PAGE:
By Karla Gomez
Cat lovers alike gathered to show off their four legged friends at the Raleigh cat show last weekend. From kittens to adult cats, home cats to specialty breed categories, various kinds of cats were showcased at the event for their perspective judging. Each feline participant received a ribbon with information about their perspective breed ranked judging.
TICA, The International Cat Association, was the organizer of this year’s cat show that was held at one of the state fairgrounds’ buildings. The entrance to the cat show was open to the public at an $8 fee per adult.
The judging happened throughout the course of two days and there were different categories to the judging. Lynn Search, a cat breed expert, talks about her past experience judging the cat show and gives an insight to what the weekend’s event was all about.
“There are a total of 14 rings in this event, which means that in each ring there will be judges that will judge different types of cats. A lot of the public bring the category called Household Pets which can be mixed breed cats or they can be cats that have an alternative feature look about them,” said Search.
“Each breed has its own standard and the breeders of that breed decided what they wanted the cat to look like, an example of this are the tonkinese cat breed,” said Search. “This event definitely teaches kids and we have youth education programs and encourage the kids to learn about different breeds or to even learn how to put on cat shows. When judging you can definitely start very young and be still doing it at my age which is a little over 40.”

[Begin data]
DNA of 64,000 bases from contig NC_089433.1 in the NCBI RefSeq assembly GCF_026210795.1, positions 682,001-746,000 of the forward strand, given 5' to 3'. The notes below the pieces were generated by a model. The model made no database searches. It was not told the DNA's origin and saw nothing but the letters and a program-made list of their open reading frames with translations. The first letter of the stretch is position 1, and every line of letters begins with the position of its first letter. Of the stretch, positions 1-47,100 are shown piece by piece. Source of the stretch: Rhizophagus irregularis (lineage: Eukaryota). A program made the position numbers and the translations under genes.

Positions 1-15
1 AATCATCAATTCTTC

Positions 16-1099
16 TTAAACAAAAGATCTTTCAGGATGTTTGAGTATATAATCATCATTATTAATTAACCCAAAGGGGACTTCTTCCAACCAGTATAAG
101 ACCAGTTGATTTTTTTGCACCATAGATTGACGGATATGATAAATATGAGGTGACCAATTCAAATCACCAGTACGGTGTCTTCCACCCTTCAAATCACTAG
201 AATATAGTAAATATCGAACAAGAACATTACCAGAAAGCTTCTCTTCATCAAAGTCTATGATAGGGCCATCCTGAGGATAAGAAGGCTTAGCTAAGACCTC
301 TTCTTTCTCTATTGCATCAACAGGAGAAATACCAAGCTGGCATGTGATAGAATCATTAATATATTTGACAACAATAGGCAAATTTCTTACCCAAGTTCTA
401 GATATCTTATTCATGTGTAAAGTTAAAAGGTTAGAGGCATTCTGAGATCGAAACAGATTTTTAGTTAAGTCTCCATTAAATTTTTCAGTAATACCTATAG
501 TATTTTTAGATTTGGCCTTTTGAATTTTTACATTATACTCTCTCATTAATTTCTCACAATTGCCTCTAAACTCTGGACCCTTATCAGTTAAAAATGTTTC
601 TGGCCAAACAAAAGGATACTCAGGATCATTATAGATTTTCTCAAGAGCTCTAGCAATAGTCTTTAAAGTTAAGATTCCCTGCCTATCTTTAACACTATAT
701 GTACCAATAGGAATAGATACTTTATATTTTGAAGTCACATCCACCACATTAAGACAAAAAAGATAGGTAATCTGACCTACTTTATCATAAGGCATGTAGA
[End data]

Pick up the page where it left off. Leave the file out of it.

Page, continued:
Apart from her previous experience judging, she talked about one of her favorite cat breeds that she’s homed for more than 30 years.
“The breed that I have myself are the Japanese bobtails which originated in Japan, they have short kinky tails that ideally have a puff appearance like a bunny rabbit,” said Search. “They’re small cats, they’re fun, loving, love to play and I absolutely love them.”
Richard Hoskinson, a judge at the event, talked about what he looks for in a winning breed cat and as well as his own pets.
“I like to handle the different breeds, every breed has a standard of perfection that I’m always comparing each example of that breed to and I try to base all of my wins on the cats that come the closest to their breed standard,” said Hoskinson. “For over 25 years I’ve bred and exhibited cornish rex cats and currently have American shorthairs and I’m definitely fond of them.”
The Raleigh Cat Show will continually be hosted at the Fairgrounds for future TICA events, and judging is open to the public that may be interested in putting their household cats up to judging.
Judge gives a look at one of the cats participating in the cat show